* Planking: 2
* The World - A Truckshunter Geography: 2
Të vazhdojë me kujdes - dhe të kënaqeni!
The awe-inspiring picture above was sent to me by Ellie; it’s of her son planking in a pub. I like him already, and he has inspired me to attempt the feat at our next AGM.
A few days ago, as I was lounging indulgently atop the family ottoman, enjoying an iced finger and a warming afternoon posset, my ever-curious eye lighted on an intriguing little news nugget tucked away on page 44 of The Guardian. It was concerned with the doings - or the lack of them - of Sir Stuart Bell, who is being hailed as England’s laziest MP.
He is 73 years old and has not held an open constituency surgery for 14 years. Apparently he refuses to answer his phone (even though his wife is paid £35,000 a year as his ‘office manager’) and, by all accounts, spends quite a lot of time living in France, where he once wrote an erotic novel called Paris Sixty Nine, of which this is an extract…
(WARNING: Those of a nervous disposition should avoid the following paragraph at all costs.)
'And she keeps on sucking, sucking and nibbling and filling me with yearning, with desire to thrust her back on the bed now, strap her to it the way the schoolteacher had shown me… I wanted that she be tied to the bed and I dominate her, rape her, burst inside her and be cleansed.’
As you’d expect with verbiage as laughably florid as that, Sir Stuart is a staunch Christian and churchman; in the Commons debate about the equalisation of the age of consent, he said that it was not ‘morally right or socially desirable' to give homosexuals the same rights as heterosexuals, believing that boys of 16 and 17 should be ‘protected’ - though not, interestingly, girls of the same age.
With a record and reputation like Sir Stuart’s, it seemed odd to me that there is a parliamentary constituency in England that consistently votes him to the Commons as their MP. Then I discovered which constituency it was.
Only the mahogany-brained inhabitants of that benighted and tragic town could vote for a man like this, election after election. They would, after all, vote for an earwig if it had a Labour rosette attached to its pincers.
When I first started my illustrious broadcasting career on Paul’s Saturday show and began my campaign of Bishop Auckland abuse, a listener called in to ask why I disliked that town so much. ‘Bishop Auckland’, she said, ‘was heaven compared to Middlesbrough’.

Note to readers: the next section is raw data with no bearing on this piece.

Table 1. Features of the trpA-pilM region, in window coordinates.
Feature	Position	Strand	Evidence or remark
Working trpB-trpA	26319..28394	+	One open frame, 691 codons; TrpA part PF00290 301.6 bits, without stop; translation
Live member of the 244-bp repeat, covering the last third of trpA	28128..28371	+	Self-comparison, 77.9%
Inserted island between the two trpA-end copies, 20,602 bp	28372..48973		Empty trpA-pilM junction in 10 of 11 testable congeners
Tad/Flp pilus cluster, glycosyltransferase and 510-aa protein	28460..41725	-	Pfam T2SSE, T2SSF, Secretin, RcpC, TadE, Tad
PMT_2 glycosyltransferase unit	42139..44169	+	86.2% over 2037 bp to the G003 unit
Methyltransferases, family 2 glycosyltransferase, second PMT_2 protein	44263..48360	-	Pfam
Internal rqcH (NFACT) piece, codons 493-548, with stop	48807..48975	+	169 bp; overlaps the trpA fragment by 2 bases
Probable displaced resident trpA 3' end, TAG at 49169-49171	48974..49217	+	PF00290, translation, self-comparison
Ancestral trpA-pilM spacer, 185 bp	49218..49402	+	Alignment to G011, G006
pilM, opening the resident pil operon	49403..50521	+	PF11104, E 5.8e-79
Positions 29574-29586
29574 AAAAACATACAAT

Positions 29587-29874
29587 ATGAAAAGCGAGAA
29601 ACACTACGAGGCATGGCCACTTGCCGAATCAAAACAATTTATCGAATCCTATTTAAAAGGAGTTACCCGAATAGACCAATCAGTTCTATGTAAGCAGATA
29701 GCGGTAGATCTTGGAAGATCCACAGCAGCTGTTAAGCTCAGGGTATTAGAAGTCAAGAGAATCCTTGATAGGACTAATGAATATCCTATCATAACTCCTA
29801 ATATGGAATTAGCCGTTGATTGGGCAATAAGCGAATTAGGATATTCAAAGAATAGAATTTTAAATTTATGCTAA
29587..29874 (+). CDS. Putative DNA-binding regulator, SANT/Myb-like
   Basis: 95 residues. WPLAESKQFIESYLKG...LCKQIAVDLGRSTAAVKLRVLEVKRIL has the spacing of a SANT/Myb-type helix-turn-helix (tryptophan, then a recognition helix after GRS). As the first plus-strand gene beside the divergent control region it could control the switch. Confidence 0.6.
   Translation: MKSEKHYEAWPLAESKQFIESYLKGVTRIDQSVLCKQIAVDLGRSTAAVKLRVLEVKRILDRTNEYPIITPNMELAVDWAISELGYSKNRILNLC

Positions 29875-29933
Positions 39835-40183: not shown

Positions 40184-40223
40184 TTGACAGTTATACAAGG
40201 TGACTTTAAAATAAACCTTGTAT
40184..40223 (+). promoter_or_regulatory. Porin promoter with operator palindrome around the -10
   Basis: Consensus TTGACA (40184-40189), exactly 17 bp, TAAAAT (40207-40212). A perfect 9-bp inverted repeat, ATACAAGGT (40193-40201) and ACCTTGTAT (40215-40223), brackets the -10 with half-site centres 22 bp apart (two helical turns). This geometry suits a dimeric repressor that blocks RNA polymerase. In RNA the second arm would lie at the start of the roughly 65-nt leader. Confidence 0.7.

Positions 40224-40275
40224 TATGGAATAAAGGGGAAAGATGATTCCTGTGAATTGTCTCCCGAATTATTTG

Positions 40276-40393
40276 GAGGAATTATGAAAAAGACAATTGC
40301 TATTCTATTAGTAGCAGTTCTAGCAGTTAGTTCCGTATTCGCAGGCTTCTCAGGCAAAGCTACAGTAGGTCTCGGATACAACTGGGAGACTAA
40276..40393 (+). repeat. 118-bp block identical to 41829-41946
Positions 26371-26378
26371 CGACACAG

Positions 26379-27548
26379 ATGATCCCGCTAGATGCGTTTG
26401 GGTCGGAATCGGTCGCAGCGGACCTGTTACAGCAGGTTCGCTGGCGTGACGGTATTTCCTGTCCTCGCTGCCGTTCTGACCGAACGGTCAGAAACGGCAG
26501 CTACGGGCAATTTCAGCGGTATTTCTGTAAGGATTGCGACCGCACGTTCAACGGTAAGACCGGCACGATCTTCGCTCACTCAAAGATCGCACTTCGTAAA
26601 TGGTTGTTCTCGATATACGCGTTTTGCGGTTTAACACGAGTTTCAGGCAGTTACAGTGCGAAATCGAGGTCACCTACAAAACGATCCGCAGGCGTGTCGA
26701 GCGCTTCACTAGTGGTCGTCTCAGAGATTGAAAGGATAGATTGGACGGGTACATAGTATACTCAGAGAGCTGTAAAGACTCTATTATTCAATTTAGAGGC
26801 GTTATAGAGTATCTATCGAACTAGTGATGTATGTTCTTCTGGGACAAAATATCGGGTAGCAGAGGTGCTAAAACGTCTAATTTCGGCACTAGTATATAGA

I admitted at once that she had a fair point. As dreary and as vapid as Bishop Auckland undoubtedly is, it is as nothing compared to the horrors of Middlesbrough - one of the very few towns I know with no redeeming features at all. None whatsoever.
Its people are sour, unsmiling and resentful - as well they might be - and everything they say sounds like either an insult or a death-wish.
It has no history of any interest to anyone - not even its own inhabitants. Until 1840 or so, there was nothing there but a farm. Now, there are smelly, litter-strewn streets, a local diet of Glaswegian unhealthiness, industrial decrepitude, endemic and nationally-infamous violence and a population who, with Liverpudlian charmlessness and intellectual poverty, don’t seem to know or care about the cesspit they call home.
Unbelievably, it also has a university - which understandably calls itself ‘Teesside’ rather than ‘Middlesbrough’ university, which would be a contradiction in terms.
Even more unbelievably, it also has a recently-opened Museum of Modern Art. For a town with Middlesbrough’s obvious problems, I cannot think of a more gloriously inappropriate development. Like the town itself, it beggars belief.
You may think that I’m rather overstating my case here. In my own defence, I should say that I grew up in the unbeautiful coal-mining area of East Durham and I know very well that not every town or village can be Barnard Castle or Alnwick or Corbridge (God forbid). Everywhere must have its workaday towns and cities - places that exist to be lived in and worked in rather the be looked at.
That, however, is no excuse for the profound and peculiarly assertive ugliness of Middlesbrough - both literal and metaphorical. If it was a human being, Middlesbrough would be beneath contempt.
It is a pitiful aberration of a town and any defence you might want to make of it would fall on deaf ears. When, after all, did you last choose to visit it? How often (be honest) have you ever heard anyone at all say ‘I know - let’s go to Middlesbrough for the day!’